My Pre-OP

I woke up, washed my face and left the house without any cream or perfume, took breakfast as instructed and headed to the clinic...

Ok, personally, I was quite afraid of this operation because of all the negative outcomes friends of my friends had etc and that constant though at the back of my head that this operation involves my eyes! My vision. Between me and all those that read this, days before my operation, I went about my house doing normal things with my eyes closed, just so that in the event that i turn out blind, at least I had mentally prep myself to move about my house in total darkness. Hah!

Negative Outcomes like bloodshot eyes freak me out. I dont want to end up with eyes like that!~

Another part that add to my fear and honestly, a little sadness... was that I was to go through the operation alone. My parents had to work, as always. My brother didnt want to waste his hours there waiting for me. My boyfriend and sister were miles away from me in Aussie land. And it was kinda weird to ask my friend to do something like spending their time waiting for me.

For a moment throughout the procedures before the actual operation, I felt kind of sad for myself because everyone else who were doing their operation had someone outside waiting for them. And being truly alone, is my biggest fear (there, I admit it).

But the nurses and eye surgeon were really warm and friendly; so their robust spirit, comfort and smiles actually removed my fear C:

Part 1 of Operation

So the moment I was sent to the patients' waiting area, I was given a file to read and in it, contained the step by step procedures of the entire surgery, it even mention the experience we will/ might feel. All I can say that it was pretty comprehensive.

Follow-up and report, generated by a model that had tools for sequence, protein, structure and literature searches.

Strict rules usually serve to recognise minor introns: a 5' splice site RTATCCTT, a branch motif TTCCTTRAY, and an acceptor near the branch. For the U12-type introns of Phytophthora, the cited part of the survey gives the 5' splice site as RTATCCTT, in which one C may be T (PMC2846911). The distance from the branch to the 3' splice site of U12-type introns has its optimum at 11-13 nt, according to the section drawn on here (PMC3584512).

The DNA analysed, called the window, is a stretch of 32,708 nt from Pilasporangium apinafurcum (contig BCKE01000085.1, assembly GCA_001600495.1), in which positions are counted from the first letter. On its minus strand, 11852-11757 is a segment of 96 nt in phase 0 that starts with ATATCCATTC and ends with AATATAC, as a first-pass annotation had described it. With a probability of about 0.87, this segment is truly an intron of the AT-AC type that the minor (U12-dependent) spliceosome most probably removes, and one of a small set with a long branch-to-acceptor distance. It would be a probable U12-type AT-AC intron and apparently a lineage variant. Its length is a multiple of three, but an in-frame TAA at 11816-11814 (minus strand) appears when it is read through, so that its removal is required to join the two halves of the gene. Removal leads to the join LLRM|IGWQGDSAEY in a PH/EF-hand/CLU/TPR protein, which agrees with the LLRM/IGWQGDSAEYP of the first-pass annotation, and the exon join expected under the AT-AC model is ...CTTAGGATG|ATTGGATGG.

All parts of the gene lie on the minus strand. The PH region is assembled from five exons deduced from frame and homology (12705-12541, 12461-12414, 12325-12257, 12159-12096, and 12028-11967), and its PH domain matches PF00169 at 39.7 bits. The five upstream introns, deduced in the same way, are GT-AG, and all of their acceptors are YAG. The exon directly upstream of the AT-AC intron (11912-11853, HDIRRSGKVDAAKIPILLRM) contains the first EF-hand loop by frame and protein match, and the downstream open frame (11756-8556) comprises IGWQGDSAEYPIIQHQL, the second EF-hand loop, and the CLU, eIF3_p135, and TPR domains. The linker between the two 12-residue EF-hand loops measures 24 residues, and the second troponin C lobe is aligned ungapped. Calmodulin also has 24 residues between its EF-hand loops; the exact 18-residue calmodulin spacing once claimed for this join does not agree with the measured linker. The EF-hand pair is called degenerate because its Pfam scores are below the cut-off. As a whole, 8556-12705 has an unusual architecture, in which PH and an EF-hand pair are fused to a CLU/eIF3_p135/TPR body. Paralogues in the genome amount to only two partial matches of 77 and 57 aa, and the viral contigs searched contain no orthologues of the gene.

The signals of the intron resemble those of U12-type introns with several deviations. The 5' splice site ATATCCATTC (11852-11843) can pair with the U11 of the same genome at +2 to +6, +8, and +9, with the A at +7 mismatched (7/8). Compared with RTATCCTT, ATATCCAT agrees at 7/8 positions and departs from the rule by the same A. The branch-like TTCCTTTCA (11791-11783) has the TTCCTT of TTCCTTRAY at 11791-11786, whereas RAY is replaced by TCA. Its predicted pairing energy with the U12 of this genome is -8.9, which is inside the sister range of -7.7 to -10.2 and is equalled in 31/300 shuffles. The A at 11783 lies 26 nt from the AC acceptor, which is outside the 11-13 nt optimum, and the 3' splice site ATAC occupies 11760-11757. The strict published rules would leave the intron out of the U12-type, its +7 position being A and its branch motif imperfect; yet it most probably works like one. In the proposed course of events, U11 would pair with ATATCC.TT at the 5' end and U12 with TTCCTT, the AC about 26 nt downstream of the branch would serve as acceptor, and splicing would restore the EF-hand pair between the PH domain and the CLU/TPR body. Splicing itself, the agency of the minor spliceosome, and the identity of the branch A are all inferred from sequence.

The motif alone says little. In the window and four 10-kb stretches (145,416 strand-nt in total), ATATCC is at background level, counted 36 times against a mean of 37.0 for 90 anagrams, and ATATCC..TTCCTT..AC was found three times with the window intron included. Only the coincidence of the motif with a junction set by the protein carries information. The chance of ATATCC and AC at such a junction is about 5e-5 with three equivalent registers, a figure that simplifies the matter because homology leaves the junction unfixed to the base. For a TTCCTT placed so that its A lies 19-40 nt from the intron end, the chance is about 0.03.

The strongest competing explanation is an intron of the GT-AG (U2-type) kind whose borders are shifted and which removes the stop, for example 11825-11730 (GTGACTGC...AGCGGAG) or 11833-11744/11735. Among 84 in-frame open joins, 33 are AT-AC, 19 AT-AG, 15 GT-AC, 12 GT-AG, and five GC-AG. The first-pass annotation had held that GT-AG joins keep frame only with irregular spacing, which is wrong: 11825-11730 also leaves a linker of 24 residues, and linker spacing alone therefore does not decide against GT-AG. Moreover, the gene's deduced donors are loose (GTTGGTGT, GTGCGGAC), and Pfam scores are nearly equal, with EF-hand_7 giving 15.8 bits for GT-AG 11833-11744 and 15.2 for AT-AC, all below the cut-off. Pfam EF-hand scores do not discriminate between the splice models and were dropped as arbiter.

During this period, the nurses will call on us individually to start preparing us for the surgery. I was given a total of 5 pills to take (note: the white pill is super bitter & melts instantly in contact with liquid, get something sweet ready), put on my gown & had my hair in a shower cap.

While they prepare in the operation room, the nurses will also frequently enter the room to instill various eye drops (note: they sting a little, just keep your eyes closed as instructed).

As I have opt for an all laser procedure, part of this operation involves creating a flap using the femtosecond laser. So, before I entered the room, the head nurse instilled 3 more eye drops, probably anesthetic, cleaned my eye area with iodine and prep me up with instructions.

Ok, this is the part that a friend of might told me that her friend jerked from the pressure of this procedure, resulting in a bloodshot eye... and another told me that her friend's eye became unbalance from jerking at the pressure too.

SO~ naturally, I was mentally freaking out inside. Then the head nurse had me lying down and just before they swing me under the machine to align my gaze to the machine. I stopped them! haha! You should have seen their faces, I think they wont really expecting me to raise my hands up and say wait!!!